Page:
“You have to be sure you really know the correct diagnosis,” said Bird, who serves as director of Integrated Care at Health Care for the Homeless in Alameda County.

But Dr. Susan Partovi, who practices street medicine on Skid Row in Los Angeles, said that’s an “antiquated way of thinking.” When someone is experiencing psychosis, it’s an emergency that needs to be treated as soon as possible, no matter the cause, she said. Her preference is to treat the symptoms first, and then see if the patient wants to work on other issues, such as substance use.

Antipsychotic injectables, such as Abilify and Invega, tend to be most prevalent in street medicine practices. But street doctors also administer long-acting injectable HIV medication, as well as medication for addiction such as Vivitrol — an injectable, long-acting medication that can help reduce cravings for opioids and alcohol, and protect against overdose.

Ricardo Fonseca Jr., who goes by “Ricky,” has been homeless for two years, living in a tent behind a Dollar Tree, then in a park in rural Kern County. The 31-year-old said he was working as a welder until he had a sudden mental breakdown and started hearing voices.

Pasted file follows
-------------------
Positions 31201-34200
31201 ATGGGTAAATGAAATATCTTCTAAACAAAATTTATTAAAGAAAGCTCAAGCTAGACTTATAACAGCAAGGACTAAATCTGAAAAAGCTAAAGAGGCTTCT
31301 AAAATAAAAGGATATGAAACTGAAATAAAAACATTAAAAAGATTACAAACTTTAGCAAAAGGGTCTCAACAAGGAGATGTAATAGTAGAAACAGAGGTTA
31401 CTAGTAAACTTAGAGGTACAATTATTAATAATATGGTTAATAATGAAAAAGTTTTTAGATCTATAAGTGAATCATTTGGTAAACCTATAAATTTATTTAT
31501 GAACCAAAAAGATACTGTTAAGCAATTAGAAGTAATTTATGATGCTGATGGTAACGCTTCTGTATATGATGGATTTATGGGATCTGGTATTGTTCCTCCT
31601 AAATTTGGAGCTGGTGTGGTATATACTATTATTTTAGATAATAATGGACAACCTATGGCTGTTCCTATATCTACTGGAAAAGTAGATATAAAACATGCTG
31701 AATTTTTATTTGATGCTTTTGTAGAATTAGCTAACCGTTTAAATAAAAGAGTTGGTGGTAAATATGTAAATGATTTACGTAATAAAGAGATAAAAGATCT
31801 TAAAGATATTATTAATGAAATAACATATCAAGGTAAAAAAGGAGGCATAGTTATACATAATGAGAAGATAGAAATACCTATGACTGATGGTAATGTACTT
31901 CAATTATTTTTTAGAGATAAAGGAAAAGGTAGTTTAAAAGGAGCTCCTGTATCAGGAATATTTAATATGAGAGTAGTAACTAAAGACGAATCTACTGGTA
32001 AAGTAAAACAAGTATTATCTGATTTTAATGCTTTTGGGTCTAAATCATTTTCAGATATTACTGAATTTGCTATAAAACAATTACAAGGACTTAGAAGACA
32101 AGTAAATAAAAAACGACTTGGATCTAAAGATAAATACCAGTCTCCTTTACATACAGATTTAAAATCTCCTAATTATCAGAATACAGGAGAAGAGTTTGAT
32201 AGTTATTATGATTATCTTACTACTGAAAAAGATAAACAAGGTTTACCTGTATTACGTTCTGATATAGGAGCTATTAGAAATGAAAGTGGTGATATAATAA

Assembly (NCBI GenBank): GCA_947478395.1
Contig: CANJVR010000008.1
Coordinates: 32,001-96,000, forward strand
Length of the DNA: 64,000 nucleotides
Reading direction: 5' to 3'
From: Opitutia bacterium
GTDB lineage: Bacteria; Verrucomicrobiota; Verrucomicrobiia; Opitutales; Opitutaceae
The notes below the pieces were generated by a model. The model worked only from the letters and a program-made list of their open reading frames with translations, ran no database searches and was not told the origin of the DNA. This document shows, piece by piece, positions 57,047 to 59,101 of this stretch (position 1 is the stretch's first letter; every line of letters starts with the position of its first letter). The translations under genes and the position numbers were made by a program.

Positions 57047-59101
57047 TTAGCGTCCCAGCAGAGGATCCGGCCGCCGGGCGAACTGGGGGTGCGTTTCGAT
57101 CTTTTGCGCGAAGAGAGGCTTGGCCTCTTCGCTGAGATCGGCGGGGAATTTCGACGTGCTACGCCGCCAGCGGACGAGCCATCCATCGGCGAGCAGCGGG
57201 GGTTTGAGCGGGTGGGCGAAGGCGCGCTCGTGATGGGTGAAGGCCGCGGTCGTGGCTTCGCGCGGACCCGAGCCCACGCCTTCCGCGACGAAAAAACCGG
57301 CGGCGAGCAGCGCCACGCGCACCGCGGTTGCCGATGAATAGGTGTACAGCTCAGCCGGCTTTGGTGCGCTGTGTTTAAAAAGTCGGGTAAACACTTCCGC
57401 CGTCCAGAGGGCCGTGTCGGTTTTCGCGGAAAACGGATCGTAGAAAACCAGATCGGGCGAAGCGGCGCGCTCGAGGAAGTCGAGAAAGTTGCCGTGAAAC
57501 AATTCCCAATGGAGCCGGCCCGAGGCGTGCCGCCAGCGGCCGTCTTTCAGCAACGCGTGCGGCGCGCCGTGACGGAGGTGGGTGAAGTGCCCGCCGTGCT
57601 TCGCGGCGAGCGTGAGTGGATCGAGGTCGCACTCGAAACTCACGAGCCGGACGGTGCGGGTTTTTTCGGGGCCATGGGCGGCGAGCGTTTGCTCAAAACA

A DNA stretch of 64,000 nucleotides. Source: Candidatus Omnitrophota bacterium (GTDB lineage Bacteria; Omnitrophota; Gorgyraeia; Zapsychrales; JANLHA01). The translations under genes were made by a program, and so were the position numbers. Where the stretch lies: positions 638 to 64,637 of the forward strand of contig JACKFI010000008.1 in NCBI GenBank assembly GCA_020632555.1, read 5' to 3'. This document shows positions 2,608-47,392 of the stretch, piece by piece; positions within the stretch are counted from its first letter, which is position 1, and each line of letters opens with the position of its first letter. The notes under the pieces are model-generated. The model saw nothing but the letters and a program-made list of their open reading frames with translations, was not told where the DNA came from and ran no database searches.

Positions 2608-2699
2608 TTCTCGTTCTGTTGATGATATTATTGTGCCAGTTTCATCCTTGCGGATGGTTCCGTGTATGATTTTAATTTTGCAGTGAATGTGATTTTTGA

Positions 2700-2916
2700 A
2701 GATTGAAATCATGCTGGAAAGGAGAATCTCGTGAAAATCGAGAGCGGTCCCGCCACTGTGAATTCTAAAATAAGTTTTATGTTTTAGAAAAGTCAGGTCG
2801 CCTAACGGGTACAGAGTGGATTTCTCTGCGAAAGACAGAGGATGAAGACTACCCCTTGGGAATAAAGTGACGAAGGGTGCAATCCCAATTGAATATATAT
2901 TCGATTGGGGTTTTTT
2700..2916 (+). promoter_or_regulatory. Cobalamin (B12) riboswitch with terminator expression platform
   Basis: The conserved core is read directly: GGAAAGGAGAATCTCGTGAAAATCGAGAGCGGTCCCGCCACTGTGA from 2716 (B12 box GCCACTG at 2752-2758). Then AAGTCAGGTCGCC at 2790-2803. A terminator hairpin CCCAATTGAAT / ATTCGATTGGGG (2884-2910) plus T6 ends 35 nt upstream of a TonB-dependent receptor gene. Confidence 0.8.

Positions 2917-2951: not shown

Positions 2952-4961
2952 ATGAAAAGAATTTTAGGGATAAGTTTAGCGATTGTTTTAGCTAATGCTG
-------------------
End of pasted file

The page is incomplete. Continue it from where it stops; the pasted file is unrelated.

The voices said horrible things to him. Sometimes they yelled, and he yelled back, scaring those around him. He used methamphetamine to cope.

“It was getting to the point where I just felt like killing myself,” Fonseca said.

Two months ago, Fonseca started taking a monthly shot of the antipsychotic drug Abilify. Since then, “everything’s changed,” he said.

Now, Fonseca is staying at a friend’s house and considering going to school. He says he’s stopped using meth.

“I can finally hear the birds and the crickets,” he said. “I couldn’t hear them before.”


This story was originally published by CalMatters and distributed through a partnership with The Associated Press.